Applications are now being accepted for the Bad River 2019 Summer Youth Program. This program, for youth ages 14 to 17 years old, will take place in July and August, and offers four tracks for youth to choose from: 
  • BR Youth DNR - June 24th through July 26th. Eight hours per day - five weeks total of 40 hours per week.
  • BR Summer Youth Crew - June 24th through July 19th. Eight hours per day - four weeks total of 32-40 hours per week.
  • BR Youth Outdoors - July 22nd through August 16th - eight hours per day - four weeks total of 40 hours per week.
  • BR Youth Leadership - TBD - internship - submit letter of recommendation from teacher or Elder.
Orientation for the Circle of Youth will be held on Wednesday, May 15th, at the Community Center. 

Applications must be submitted by 4:30 pm on Wednesday, May 1st.

Applications are to be dropped off at the Bad River Social Services Department - Temporary Assistance for Needy Families (TANF program), located at the Bad River Community Center. 

For additional information or questions, please email Lynn Bigboy or call at 715-682-7111, extension 1439.

A Shared Vision, Connecting With One Another

A new collaborative effort involving community members and multiple Tribal programs and departments called "A Shared Vision, Connecting With One Another" is underway.

The purpose is to secure community involvement and commitment to solve problems via connecting with one another.  The overall goal is to connect the community and people together. People can attend not only to connect, but to share events, situations, adversities and triumphs. By joining together, we can help overcome obstacles and support one another.

Community participation is integral in helping to solve problems. Members of the community are the experts of their own issues, and their thoughts, needs and challenges will be respected.

The group had its first meeting on March 22nd to discuss the issues happening in the community at large.

The next meeting will be held on April 11, 2019 at the Food Sovereignty Building.

All community members are welcome to attend to share their thoughts, support each other, have their voices heard, and be proactive in working to improve the community.

See the flyer in the Community Events section for more information.
Brownfields* Program Community Survey

* The EPA defines the term "Brownfield" as an abandoned, idled or under-used real property where expansion or redevelopment is complicated by the presence or potential presence of environmental contamination. Some examples are: oil spills, underground storage tanks, and open dumps. (definition sourced from EPA brownfields webpage)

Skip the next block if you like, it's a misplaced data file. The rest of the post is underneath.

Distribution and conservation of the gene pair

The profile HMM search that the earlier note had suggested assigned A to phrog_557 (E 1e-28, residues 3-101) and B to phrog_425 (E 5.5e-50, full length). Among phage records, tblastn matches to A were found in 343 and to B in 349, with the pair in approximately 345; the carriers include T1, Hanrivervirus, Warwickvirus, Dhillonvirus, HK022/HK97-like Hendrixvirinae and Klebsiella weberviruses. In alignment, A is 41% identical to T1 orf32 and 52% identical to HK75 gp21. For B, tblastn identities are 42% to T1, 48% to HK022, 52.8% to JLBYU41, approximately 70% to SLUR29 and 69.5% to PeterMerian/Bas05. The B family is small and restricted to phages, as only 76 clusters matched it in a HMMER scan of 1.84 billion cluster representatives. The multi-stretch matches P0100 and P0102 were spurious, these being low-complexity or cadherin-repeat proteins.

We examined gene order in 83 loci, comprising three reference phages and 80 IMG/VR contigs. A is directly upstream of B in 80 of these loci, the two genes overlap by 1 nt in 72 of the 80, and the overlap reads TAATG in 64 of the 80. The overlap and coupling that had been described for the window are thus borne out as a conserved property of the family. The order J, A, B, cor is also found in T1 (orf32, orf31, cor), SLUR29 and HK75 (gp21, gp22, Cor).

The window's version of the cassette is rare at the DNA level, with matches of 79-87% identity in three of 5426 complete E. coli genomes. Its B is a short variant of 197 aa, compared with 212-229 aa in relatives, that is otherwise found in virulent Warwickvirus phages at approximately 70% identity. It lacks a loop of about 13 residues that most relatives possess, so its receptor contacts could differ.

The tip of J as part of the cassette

The Bad River Brownfields Program was implemented in 2013 to address contaminated sites across the reservation. The contaminated sites include papermill sludge sites, underground storage tanks, and open dumping sites.

Because the program is relatively new, there is a need to re-evaluate the priorities of the program moving forward.

Please participate in this community survey.

The results of this survey will help the program continue to grow and expand. Increasing the efficiency of the program will help in the cleanup and prevention of environmental contamination.

Your time and contribution to the program are greatly appreciated!

The four current activities of the brownfield program include but are not limited to:
* Timely survey and inventory of brownfield sites.
* Oversight and enforcement of compliance regarding brownfield sites
* Provide Meaningful Opportunities for Public Participation.
* Cleanup plan, verification, and certification that clean-up is complete

The survey will close on April 28, 2019.
Want to Commit Fraud for Benefits? Think Again!
By Esie Leoso-Corbine, Social and Family Services Director

The State of Wisconsin Department of Health Services is required to conduct activities to reduce fraud with participants that receive FoodShare benefits, Wisconsin Medicaid (MA), and Badgercare Plus (BC+) under WI Statute 49.845. 

The State of Wisconsin has the Fraud Prevention and Investigation Program (FPIP) in which $1.5 million was allocated for 2019. This program conducts investigations and findings on potential fraud with participants. FPIP will utilize various methods including social media to investigate fraud. Some of those systems include Child Support and Unemployment. So, if you think you are getting a free lunch, think again. 

Some larger agencies have these units in-house. Smaller agencies like Bad River Social and Family Services (SFS) department do not have the capacity to conduct their own investigations, and they have the option to join a state consortium or do it independently. The budgets for most agencies are based on the caseload, therefore, most Tribes opt for the consortium.

The Income Maintenance program in any county or Tribal agency enters all participant data into the Childbirth Assistance, Resources, and Education (CARES)  network. This system has the capacity to monitor all data on participants ranging from missing parents to unreported income. An electronic case file can get an error report from the CARES network because proof of income was not submitted or an individual did not report a parent living in the household. All agencies are required to attain the missing information to correct the error. If not, it will be investigated.
The FPIP will begin the investigation by utilizing many federal and state systems that are allowable by law. For example, Child Support systems; when an individual reports that the parent is not living in the household, then the Child Support office reported that both parents are residing together, guess what happens? Yep, this will ding the electronic case file as an error. Now, electronic systems don't determine whether it is fraud; it determines something is not right with this case. The FPIP will begin a thorough investigation that makes that determination.